Taking a look across the North American forward market landscape, only a few pricing locations stood out from the rest. Unsurprisingly, one of those was Northwest Sumas, which has continued to experience extreme volatility in recent weeks from record cold in the region, as well as various import and storage restrictions.

The March 1-5 period was no different as Northwest Sumas cash prices skyrocketed to a record $200 last Friday before going on to average $161.330. Since then, prices have plunged back down to earth, averaging just $5.625 in Tuesday trading.

The recent spike is just the latest instance of turmoil in the Pacific Northwest gas market since last fall, when a rupture on Enbridge Inc.’s Westcoast Transmission disrupted Canadian gas exports to Washington at the Sumas border crossing point, according to RBN Energy.

“Ongoing testing on the Westcoast system and the resulting capacity reductions for deliveries to Sumas, along with reduced deliverability at the region's largest storage facility, Jackson Prairie, over the past month have made the Pacific Northwest more of a demand ‘island’ than ever, especially as those issues coincide with this week's polar-vortex weather,” RBN analyst Sheetal Nasta said.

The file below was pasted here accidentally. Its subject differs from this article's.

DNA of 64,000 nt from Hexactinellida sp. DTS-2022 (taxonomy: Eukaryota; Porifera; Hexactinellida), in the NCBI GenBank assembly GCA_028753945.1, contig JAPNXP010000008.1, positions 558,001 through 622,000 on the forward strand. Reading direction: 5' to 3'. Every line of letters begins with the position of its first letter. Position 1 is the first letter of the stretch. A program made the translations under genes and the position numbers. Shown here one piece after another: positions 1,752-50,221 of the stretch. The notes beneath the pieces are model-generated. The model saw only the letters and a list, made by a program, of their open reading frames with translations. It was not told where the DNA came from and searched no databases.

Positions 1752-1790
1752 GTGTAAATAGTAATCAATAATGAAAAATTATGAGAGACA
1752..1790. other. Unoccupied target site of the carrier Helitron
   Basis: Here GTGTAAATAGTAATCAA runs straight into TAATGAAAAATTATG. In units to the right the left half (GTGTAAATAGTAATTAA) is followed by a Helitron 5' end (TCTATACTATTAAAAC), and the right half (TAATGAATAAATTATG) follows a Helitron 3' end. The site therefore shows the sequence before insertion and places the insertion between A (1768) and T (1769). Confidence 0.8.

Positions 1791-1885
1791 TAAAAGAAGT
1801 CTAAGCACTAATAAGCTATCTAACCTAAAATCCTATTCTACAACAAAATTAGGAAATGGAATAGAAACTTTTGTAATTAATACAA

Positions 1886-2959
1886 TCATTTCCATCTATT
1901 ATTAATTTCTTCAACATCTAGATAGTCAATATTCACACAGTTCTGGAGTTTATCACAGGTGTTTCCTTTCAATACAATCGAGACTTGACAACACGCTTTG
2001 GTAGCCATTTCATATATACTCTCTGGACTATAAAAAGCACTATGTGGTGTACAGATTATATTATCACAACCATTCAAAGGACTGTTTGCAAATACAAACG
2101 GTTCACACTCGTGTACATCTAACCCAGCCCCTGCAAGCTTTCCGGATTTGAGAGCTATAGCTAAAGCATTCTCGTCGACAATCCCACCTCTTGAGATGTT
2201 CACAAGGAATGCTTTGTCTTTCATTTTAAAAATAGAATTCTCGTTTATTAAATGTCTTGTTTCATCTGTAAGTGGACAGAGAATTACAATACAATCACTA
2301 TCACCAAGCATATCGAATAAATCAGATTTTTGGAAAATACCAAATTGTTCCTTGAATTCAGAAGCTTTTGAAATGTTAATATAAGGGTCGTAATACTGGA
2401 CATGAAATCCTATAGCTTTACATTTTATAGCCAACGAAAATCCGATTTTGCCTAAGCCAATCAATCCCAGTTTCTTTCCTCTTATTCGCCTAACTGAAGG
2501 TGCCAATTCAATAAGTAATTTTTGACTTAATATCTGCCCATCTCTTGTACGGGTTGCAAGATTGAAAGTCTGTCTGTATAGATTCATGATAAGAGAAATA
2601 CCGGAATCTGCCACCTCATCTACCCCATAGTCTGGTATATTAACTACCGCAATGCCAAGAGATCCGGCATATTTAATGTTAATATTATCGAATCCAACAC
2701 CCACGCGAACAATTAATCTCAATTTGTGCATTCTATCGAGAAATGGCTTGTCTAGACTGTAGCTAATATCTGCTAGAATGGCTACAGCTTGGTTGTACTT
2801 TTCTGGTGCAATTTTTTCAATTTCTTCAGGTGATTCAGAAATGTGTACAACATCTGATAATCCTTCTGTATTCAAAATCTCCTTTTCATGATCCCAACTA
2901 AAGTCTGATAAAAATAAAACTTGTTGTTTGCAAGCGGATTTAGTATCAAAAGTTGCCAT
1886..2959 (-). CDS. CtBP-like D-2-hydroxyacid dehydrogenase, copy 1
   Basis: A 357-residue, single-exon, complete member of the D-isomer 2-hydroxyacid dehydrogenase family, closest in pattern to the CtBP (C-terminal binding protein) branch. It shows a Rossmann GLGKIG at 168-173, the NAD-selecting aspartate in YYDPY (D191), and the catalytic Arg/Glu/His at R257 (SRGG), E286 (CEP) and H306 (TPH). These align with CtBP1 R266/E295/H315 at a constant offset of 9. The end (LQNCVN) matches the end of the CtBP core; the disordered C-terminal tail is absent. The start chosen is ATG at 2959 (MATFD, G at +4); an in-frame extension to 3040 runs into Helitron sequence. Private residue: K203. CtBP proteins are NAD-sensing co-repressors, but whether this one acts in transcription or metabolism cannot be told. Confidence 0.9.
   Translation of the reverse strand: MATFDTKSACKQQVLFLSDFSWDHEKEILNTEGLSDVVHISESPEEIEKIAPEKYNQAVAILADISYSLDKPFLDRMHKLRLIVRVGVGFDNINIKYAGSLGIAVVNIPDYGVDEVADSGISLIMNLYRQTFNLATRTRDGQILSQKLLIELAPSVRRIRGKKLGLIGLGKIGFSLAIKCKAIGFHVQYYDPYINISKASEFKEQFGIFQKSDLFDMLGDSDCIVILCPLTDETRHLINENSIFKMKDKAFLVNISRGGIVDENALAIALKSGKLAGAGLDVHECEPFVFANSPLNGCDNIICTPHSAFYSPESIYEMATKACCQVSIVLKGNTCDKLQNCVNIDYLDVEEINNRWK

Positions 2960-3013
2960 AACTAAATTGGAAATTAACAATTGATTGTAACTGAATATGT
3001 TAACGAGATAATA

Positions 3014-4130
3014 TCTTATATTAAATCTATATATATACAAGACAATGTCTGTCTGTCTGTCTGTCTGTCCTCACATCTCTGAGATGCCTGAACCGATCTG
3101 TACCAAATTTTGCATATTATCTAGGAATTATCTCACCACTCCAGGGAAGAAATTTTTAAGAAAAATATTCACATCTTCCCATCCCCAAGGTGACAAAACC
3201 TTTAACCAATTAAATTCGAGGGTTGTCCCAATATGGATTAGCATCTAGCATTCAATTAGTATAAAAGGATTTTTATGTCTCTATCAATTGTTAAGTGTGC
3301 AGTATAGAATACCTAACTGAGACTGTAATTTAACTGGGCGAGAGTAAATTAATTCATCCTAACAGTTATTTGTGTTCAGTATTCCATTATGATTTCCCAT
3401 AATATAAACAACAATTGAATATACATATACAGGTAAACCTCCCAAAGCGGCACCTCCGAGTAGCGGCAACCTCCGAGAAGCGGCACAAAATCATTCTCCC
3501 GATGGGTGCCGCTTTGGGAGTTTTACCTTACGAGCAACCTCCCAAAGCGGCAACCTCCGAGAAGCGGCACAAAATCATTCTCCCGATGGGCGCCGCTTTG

The perfect storm of strong demand and import restrictions has been a boon for forward prices as well. Northwest Sumas April prices shot up 30 cents from March 1-5 to reach $3.151, May rose 9 cents to $2.467 and the summer strip tacked on 7 cents to hit $2.80, according to Forward Look.

Like the Nymex futures strip, concerns about low storage appear to be factoring into summer prices at Northwest Sumas. Just three weeks ago, the summer strip was barely pricing above $2, and but it was sitting 73 cents higher as of Tuesday.